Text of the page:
I cover sports business with rare dip in education & local economies
Golfer Tiger Woods ranked No. 7 on Forbes first-ever list of America’s Wealthiest Celebrities with an estimated net worth of $740 million. The 14-time Majors winner ranked between Diddy ($750 million) and Dr. Dre ($710 million). Star Wars creator George Lucas topped the ranks with a $4.6 billion fortune. The only other athletes to crack the top 20 were NBA-legend Michael Jordan ($1.2 billion) and Woods’ longtime rival Phil Mickelson ($375 million). Woods, who turns 41 on Dec. 30, is the youngest member of the list.
Tiger Woods back on the course after a 15-month break to recover from back surgery. (Photo by Christian Petersen/Getty Images)
Woods has earned $1.4 billion from prize money, endorsements and fees from appearances and golf course designs since turning pro in 1996. It is more than any athlete in the history of sports (Jordan earned more when adjusted for inflation). Less than 10% of Woods’ tally is from prize money with sponsorships his main source of revenue.
Woods banked $100 million annually off the course at his peak in the late 2000s when he was the most sought after endorser in sports. He was the highest-paid athlete in the world for 11 straight years. Those days are long gone since his infamous 2009 Thanksgiving evening car crash and the resulting scandal, but Woods still managed to bank $45 million from endorsements and course design fees in the 12 months ending June 2016.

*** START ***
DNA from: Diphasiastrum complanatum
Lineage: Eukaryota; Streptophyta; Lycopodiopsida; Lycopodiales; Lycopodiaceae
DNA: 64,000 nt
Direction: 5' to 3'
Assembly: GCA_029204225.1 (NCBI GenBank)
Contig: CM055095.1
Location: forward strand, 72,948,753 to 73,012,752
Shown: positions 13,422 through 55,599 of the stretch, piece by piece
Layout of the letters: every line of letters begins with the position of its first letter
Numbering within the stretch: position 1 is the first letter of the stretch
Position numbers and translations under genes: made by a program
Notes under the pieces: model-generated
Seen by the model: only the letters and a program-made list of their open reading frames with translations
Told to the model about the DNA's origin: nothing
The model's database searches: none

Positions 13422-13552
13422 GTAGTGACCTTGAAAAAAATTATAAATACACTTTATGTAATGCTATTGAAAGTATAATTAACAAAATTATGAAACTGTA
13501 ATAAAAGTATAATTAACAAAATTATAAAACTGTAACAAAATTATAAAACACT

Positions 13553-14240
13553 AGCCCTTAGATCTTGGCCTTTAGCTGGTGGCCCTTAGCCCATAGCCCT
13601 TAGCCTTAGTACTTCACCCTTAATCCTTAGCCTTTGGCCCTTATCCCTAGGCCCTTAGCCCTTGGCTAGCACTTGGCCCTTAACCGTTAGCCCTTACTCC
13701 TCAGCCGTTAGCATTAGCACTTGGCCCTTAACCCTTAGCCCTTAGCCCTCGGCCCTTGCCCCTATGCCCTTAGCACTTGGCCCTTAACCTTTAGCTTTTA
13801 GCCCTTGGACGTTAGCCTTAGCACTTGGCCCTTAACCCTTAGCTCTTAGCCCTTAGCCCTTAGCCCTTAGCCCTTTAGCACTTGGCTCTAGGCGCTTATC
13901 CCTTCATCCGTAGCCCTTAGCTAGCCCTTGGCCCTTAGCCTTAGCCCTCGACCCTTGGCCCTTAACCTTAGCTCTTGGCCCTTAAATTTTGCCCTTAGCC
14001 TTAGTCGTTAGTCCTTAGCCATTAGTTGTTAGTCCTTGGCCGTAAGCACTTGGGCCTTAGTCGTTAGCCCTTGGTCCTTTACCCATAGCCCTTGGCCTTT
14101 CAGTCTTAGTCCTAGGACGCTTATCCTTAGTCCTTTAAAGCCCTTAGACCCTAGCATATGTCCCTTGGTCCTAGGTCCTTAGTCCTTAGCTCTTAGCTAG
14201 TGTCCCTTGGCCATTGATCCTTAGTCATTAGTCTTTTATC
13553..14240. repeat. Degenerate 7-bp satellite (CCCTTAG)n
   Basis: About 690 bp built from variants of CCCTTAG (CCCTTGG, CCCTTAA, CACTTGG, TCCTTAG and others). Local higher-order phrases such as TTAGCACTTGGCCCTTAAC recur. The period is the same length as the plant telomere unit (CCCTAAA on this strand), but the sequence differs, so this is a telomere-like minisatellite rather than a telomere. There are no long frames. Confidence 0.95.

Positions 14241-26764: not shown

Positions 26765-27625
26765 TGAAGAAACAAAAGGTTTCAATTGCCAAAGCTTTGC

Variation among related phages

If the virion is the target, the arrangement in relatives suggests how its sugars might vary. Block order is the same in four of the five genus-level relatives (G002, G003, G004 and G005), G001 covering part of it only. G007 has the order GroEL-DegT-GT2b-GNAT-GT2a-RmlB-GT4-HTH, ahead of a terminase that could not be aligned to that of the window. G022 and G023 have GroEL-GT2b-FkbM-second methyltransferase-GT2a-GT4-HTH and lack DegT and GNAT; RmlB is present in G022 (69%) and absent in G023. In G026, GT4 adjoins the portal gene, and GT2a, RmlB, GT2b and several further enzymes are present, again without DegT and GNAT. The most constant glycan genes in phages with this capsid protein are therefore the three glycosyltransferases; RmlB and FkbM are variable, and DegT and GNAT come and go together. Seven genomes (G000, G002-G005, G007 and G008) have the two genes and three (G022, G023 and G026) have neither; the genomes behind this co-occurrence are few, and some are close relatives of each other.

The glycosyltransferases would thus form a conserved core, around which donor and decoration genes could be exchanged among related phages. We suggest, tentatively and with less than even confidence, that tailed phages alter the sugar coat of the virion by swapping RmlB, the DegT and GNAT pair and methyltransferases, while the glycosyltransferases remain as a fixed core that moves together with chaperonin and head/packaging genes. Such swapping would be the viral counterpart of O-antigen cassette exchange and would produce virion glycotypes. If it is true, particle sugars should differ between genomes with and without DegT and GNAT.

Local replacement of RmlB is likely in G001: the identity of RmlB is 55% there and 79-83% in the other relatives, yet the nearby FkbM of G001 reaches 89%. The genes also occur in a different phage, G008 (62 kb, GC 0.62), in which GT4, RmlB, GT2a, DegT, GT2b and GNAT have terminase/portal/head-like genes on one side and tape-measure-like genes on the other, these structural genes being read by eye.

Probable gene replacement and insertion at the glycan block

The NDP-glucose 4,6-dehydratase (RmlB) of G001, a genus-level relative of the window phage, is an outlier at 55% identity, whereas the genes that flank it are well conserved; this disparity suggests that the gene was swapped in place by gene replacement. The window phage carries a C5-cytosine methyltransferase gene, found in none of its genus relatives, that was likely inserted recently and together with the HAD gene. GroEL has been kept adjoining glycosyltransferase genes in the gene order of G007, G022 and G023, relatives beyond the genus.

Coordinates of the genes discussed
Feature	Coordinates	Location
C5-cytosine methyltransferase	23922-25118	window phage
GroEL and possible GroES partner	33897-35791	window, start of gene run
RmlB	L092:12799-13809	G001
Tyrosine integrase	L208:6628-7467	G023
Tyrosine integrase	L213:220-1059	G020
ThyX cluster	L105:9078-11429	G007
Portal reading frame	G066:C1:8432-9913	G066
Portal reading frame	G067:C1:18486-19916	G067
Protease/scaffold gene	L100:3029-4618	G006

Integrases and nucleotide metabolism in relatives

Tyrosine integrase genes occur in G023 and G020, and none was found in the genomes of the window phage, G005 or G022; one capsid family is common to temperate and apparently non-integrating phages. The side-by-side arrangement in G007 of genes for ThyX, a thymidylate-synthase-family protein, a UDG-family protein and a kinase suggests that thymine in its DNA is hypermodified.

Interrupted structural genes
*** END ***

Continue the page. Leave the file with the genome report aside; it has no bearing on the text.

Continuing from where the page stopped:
He ranked No. 12 among the world’s highest-paid athletes this year despite being sidelined from golf almost the entire time as he recovered from back surgery. Woods teed it up for the first since August 2015 in this month’s Hero World Challenge, which he hosts with the tourney acting as a benefit for this foundation.
His golf course design business has gotten a reboot after some initial sputters tied to the financial crisis in the late 2000s. Woods opened his first U.S.-based course in 2015 outside of Houston (a previous Woods-designed course opened in Mexico the prior year). He has several other course projects in the works, including the Trump International Golf Club in Dubai set to open in 2017. The development with villas costing up to $9.5 million is a partnership between Donald Trump and Dubai property developer Hussain Sajwani with Woods lending his design efforts to the golf course.
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Woods has added two sponsors to his portfolio in the past month. Hansen Natural’s Monster Energy logo will appear on his golf bag. It is a departure for the brand, which typically focused its sponsorships on action sports and motorsports, including Nascar’s new title sponsorship. Woods also inked a deal with Bridgestone to play their golf balls after longtime partner Nike announced plans to get out of the golf equipment business. Woods maintains his relationship with Nike for apparel and also counts Kowa, Hero, Upper Deck and Rolex as sponsors.
Woods has several major assets to his name. His biggest physical asset is his $60 million, 10-acre property he bought in 2007 in Jupiter Island, Fla. Woods' also has a lucrative PGA Tour pension estimated to be worth $20 million by PGA Tour insider Ron Sirak. The pension plan is the best in sports and based on deferred FedEx Cup bonus money and a cuts-made bonus system.
Stories of Woods' pension plan reaching $1 billion made the rounds when the golfer was at his peak and PGA revenue was booming. Those projections proved wildly inflated as PGA revenue slowed, the stock market tanked and more FedEx Cup money was paid upfront. Pension or not, Woods is well on his way to being a billionaire.